Proceed further south to discover NOPI, the restaurant that’s a unique Yotam Ottolenghi blend of Mediterranean, Middle-eastern and Asian cuisines, where the restrooms are as much a talking point as the food. Nearby is Hix, the bar and restaurant that feeds London with some of the meatiest feasts and the most potent cocktails.

Just to the east of NOPI is where you’ll find Polpo, part of Russell Norman’s mini-empire of small plate eateries. Always busy, this bacaro offers Venetian décor matched to Italian cichetti and Aperol Spritzes. And across the road from Polpo is Bob Bob Ricard, described by some as a “pleasure palace,” where sumptuous delights await in the form of champagne and caviar. But, interestingly, it’s often celebrated for having the most accessible wine list in London with some of the lowest mark up rates.

Further east still is Yauatcha, known for dim sum, tea and faultless Michelin meals at a fraction of the price you might expect.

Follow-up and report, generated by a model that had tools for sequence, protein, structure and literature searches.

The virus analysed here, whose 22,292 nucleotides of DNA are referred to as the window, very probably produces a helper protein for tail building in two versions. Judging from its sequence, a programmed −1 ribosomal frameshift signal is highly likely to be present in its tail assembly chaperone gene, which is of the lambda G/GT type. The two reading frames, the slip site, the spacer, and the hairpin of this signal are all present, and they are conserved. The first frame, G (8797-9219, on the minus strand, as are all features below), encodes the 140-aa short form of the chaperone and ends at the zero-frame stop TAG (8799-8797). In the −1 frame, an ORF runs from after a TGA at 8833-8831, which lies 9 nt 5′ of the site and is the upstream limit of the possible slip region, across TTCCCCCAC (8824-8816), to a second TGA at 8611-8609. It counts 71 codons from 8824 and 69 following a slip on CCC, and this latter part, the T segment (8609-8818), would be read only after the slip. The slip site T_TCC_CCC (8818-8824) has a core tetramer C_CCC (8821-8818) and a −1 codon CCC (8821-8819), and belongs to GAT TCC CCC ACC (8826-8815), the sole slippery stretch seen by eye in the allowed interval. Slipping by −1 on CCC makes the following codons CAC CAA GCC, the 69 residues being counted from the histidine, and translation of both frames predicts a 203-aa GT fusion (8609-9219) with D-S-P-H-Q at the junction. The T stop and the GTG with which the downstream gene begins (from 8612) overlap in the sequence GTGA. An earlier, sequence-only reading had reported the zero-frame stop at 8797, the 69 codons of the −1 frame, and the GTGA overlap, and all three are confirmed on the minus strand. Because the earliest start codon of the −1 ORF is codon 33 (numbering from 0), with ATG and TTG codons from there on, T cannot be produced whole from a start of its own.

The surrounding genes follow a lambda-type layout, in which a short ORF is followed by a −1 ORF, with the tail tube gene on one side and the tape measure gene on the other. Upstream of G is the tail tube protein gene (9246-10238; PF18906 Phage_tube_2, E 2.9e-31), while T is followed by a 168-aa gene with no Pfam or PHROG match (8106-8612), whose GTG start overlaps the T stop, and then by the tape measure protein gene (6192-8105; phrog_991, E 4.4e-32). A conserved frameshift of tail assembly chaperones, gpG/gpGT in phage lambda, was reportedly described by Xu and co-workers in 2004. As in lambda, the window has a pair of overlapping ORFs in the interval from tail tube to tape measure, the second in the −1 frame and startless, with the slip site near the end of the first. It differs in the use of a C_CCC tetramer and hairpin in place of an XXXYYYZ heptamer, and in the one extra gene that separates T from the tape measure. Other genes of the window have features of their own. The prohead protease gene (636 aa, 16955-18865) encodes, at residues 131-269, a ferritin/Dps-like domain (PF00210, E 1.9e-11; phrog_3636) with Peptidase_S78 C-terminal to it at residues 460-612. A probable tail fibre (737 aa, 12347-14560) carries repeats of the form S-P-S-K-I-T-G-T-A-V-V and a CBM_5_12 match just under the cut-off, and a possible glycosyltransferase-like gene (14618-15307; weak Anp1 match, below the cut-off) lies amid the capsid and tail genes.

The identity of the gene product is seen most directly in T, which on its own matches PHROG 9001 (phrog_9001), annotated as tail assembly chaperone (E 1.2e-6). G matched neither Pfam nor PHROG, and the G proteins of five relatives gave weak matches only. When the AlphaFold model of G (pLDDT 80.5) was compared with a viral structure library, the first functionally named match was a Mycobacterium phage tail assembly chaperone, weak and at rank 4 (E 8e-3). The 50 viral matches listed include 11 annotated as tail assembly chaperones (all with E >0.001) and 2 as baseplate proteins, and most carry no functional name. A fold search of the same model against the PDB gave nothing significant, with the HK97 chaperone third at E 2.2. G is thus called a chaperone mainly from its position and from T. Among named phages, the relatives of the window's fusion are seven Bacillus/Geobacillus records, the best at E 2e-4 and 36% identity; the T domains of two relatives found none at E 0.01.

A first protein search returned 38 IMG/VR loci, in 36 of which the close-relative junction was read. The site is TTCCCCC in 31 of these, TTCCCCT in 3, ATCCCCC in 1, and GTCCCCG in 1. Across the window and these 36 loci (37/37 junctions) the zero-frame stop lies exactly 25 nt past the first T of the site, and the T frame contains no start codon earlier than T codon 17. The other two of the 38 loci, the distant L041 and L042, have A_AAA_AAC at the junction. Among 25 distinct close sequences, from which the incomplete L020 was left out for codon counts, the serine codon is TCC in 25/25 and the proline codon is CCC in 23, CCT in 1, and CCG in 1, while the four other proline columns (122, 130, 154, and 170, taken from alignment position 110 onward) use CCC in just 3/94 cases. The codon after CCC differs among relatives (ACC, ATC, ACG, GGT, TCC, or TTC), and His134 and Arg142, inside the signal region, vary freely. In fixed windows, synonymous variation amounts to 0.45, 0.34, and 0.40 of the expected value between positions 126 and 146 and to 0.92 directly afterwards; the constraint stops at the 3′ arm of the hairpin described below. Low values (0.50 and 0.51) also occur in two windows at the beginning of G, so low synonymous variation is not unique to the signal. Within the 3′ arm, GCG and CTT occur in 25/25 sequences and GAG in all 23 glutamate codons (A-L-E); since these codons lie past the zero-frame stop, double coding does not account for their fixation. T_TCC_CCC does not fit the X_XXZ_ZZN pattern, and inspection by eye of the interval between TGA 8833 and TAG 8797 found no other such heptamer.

Speaking of Michelin, The Ledbury, St John and Hibiscus are all worthy of that detour and all are named in the World’s 50 Best Restaurants. Equally, Roganic, a two-year pop up by Michelin-starred Simon Rogan, and Dinner, Heston Blumenthal’s London outpost, also require your attention. But make sure you’ve left enough room and time for a reservation at Rules, London’s oldest restaurant, before you leave.

How to cook like Heston

Published on Love Food on 11th January 2012:

Also syndicated on Yahoo Lifestyle UK&Ireland and Yahoo News Singapore on 11th January 2012: